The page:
Gene expression profiles in control and miRNA378/378* day 3 ST2 adipocytes.
We used microarray analysis to better understand the effects of miRNA378/378* on global gene expression in ST2 cells. RNA was purified from control and miRNA378/378*-expressing ST2 cells at day 3 of adipocyte differentiation. The experimental design is illustrated in Fig. 5A. Using gene set enrichment analysis (GSEA), we profiled changes in gene expression that occur in response to overexpression of miRNA378/378* (17, 23). Eight sets of genes appeared to be preferentially upregulated by expression of miRNA378/378* (Fig. 5A). Among those eight sets of genes, three are related to adipocyte differentiation (“upregulated during adipocyte differentiation”, “troglitazone up”, and “fatty acid metabolism”). Interestingly, four additional sets were linked to mitochondria and their function like “mitochondria,” “oxidative phosphorylation,” “electron transport chain,” and “Krebs cycle up.” Finally, a “PGC1-activated genes” set was also upregulated on overexpression of miRNA378/378*. Only one group of genes was downregulated on overexpression of miRNA378/378*: “ribosomal proteins” (Fig. 5A). To validate whether predicted genes were indeed up- or downregulated on overexpression of miRNA378/378*, we performed quantitative RT-PCR on RNA samples that had been harvested at day 3 of differentiation. Figure 5B shows that several genes related to adipocyte differentiation and lipid synthesis are indeed upregulated, including KLF15, FABP4, FAS, SCD-1, and resistin.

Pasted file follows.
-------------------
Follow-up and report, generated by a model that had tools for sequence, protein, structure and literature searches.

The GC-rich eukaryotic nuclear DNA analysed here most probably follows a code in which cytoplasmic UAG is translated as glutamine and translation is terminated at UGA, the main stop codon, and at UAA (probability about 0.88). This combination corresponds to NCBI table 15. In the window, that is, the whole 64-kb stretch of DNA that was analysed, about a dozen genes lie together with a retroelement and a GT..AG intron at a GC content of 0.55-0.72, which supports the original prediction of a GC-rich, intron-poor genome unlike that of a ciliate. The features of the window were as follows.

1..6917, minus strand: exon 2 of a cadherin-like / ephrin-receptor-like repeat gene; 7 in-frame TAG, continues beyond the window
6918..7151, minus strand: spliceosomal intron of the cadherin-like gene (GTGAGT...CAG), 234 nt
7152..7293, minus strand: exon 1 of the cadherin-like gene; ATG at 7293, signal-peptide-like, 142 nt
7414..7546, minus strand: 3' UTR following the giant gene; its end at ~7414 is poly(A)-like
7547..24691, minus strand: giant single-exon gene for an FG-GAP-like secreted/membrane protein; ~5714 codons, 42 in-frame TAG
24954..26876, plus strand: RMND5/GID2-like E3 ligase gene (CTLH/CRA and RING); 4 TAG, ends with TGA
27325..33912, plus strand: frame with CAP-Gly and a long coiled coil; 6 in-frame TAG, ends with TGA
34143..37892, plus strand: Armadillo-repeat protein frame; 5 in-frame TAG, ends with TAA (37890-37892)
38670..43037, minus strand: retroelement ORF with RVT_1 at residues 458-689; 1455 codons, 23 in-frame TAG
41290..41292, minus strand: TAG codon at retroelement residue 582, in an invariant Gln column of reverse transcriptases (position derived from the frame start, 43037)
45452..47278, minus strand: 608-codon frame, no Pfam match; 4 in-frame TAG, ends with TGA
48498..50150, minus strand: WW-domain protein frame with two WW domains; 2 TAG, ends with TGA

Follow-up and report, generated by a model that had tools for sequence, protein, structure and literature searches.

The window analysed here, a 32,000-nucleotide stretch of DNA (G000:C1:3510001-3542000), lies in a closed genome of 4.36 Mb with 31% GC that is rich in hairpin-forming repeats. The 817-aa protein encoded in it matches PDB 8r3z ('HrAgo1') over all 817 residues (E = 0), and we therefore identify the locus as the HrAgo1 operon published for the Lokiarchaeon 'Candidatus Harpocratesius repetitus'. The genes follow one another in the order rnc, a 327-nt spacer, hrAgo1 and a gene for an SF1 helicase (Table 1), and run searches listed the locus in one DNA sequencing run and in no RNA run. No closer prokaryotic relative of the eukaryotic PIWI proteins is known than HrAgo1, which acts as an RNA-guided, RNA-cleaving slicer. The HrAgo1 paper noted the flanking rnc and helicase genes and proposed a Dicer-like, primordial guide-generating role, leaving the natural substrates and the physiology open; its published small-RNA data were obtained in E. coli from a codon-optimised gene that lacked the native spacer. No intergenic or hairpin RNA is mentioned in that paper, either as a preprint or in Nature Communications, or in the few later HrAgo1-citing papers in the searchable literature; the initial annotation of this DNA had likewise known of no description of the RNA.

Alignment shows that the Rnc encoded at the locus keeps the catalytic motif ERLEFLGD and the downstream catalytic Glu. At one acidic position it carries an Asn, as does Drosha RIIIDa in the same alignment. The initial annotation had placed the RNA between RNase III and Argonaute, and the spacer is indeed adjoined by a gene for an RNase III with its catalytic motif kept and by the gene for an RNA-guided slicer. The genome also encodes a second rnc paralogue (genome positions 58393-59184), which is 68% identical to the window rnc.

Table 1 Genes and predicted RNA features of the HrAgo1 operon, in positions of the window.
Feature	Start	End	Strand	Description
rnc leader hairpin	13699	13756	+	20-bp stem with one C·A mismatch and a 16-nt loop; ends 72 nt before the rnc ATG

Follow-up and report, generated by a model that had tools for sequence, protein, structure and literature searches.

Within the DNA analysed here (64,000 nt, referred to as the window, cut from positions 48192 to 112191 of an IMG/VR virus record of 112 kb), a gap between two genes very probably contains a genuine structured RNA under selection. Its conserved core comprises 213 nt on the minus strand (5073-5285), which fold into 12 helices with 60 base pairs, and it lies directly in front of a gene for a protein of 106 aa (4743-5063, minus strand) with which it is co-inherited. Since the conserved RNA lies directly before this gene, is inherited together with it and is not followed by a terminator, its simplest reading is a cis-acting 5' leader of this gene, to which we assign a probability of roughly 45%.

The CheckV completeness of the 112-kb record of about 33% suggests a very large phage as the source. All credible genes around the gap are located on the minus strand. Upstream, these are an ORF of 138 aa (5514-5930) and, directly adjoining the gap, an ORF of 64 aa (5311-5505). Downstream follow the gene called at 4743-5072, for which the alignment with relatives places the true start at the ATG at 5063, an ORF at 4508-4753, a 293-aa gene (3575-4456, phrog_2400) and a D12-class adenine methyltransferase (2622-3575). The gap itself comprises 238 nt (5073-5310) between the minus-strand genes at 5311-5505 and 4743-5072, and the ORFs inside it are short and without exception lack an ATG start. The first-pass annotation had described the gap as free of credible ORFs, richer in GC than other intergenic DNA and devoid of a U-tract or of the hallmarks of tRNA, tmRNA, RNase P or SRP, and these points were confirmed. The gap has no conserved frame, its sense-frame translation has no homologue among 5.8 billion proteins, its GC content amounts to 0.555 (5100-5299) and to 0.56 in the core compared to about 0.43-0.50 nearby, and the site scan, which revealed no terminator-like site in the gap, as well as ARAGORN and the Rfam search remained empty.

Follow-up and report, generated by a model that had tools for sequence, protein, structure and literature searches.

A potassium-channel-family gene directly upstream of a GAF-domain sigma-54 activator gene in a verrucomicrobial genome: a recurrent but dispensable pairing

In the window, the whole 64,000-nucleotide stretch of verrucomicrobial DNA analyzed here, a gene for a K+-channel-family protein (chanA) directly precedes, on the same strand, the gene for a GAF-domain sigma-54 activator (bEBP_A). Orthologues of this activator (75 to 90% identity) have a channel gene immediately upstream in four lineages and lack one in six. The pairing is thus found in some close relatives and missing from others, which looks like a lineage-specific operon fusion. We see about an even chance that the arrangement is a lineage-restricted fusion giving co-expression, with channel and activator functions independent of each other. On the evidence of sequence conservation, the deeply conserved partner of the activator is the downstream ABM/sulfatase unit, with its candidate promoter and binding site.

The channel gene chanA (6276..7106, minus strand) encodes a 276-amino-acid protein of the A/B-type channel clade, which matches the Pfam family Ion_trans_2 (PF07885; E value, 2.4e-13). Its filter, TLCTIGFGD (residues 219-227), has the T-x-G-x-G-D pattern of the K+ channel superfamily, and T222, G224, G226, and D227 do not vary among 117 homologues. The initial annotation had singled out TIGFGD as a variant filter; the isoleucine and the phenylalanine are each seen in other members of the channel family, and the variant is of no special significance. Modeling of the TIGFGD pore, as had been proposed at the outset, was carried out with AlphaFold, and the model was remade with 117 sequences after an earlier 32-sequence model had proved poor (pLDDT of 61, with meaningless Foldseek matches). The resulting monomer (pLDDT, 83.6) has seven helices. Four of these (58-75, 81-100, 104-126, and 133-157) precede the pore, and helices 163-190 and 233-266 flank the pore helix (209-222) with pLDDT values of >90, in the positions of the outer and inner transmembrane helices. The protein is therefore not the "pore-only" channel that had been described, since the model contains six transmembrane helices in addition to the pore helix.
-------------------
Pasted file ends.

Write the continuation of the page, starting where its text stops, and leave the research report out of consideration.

What are the targets of miRNA378/378* during adipogenesis? To investigate the potential mechanisms by which miRNA378/378* induces adipocyte gene expression and lipid accumulation, we amplified >20 3′-untranslated regions (UTRs) of target genes predicted either by TargetScan4.2 (15) or by Srivastava (unpublished data) and cloned them adjacent to luciferase to create a miRNA378/378* reporter construct. However, none of the predicted 3′UTRs were inhibited on overexpression of miRNA378/378* precursors (Fig. 6). To verify that translational repression by miRNAs can be assessed in our experimental setup, we chose as a positive control a 3′UTR that has been previously shown as a target for miRNA34 (1). As expected, we observed a strong downregulation of the Bcl2 3′UTR on overexpression of miRNA34 (data not shown).